- But is it really true that credit cards are the lender of last resort? Let's move to today's Number Four.
4. The Real Lender of Last Resort
Another category of lender has surged in popularity in recent years, payday loan shops, which are perhaps truly lenders of last resort.
- The Center for Responsible Lending estimates that payday lenders cost American families $4.2 billion every year.
- Payday loans typically charge fees equal to 400% APR.
- Payday lenders earn most of their profits by making multiple loans to cash-strapped borrowers.
- That's easier than it sounds since the CRL estimates that 75% of payday customers are unable to repay their loan within two weeks and are forced to get a loan "rollover" at additional cost.
- "Trapped on the "debt treadmill", many consumers get a loan from one payday lender to repay another," the CRL says.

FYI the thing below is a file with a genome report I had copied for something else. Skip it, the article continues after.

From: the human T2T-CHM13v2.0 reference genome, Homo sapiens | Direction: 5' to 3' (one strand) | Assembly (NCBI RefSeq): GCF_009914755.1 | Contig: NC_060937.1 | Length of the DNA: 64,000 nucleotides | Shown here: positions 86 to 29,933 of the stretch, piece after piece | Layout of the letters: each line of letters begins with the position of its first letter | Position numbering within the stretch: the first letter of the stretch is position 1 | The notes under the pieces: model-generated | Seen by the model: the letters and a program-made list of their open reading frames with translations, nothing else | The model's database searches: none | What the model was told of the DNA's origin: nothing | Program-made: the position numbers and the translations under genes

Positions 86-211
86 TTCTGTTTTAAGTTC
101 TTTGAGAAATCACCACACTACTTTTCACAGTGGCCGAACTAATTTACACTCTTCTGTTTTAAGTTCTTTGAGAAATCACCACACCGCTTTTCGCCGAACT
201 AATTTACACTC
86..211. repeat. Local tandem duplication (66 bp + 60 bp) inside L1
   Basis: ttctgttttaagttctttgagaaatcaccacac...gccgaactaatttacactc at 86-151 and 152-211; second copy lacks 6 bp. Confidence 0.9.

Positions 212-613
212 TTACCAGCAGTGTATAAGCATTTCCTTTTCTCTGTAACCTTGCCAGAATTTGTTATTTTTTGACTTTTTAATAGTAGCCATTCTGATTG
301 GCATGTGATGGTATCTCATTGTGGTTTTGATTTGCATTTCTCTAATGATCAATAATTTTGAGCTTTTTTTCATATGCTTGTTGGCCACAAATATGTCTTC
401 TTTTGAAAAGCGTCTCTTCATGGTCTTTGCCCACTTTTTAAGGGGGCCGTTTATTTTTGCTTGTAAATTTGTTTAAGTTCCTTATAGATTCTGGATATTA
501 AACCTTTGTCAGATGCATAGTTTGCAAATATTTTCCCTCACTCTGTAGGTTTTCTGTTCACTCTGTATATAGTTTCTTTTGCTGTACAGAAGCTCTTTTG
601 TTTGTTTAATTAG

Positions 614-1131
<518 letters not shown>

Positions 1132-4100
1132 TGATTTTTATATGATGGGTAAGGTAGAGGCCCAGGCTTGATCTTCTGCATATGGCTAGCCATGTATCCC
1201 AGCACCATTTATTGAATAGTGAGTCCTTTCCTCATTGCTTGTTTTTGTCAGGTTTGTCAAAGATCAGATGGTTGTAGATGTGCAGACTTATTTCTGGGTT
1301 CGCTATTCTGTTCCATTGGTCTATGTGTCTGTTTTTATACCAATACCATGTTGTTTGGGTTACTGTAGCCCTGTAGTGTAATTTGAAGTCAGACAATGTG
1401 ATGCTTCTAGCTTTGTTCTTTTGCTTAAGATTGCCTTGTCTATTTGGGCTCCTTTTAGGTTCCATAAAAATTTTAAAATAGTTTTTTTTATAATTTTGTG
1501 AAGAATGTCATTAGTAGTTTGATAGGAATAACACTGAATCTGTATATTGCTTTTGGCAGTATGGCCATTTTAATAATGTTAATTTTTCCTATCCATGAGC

Lender of Last Resort Eases Loan Restrictions
Wow. Looks like I'm a little light this week, guys.
So, you ain't got the dough?
He ain't got the dough.
Mr. G useda not like people who ain't got the dough. Very upsetting for Mr. G.
Upsetting. No good.
That was then. Now, Mr. G, he's turned over a new leaf, see?
Yeah, a new leaf.
Mr. G says he's comfortable with an extension.
Comfortable. With an extension.
But in return he's gonna need some assurance.
Yeah, he's gonna need insurance.
Yeah he - No, assurance.
That's what I said. Insurance.
No, a-ssurance. You said in-surance.
It' s not whatever. They mean two totally different things.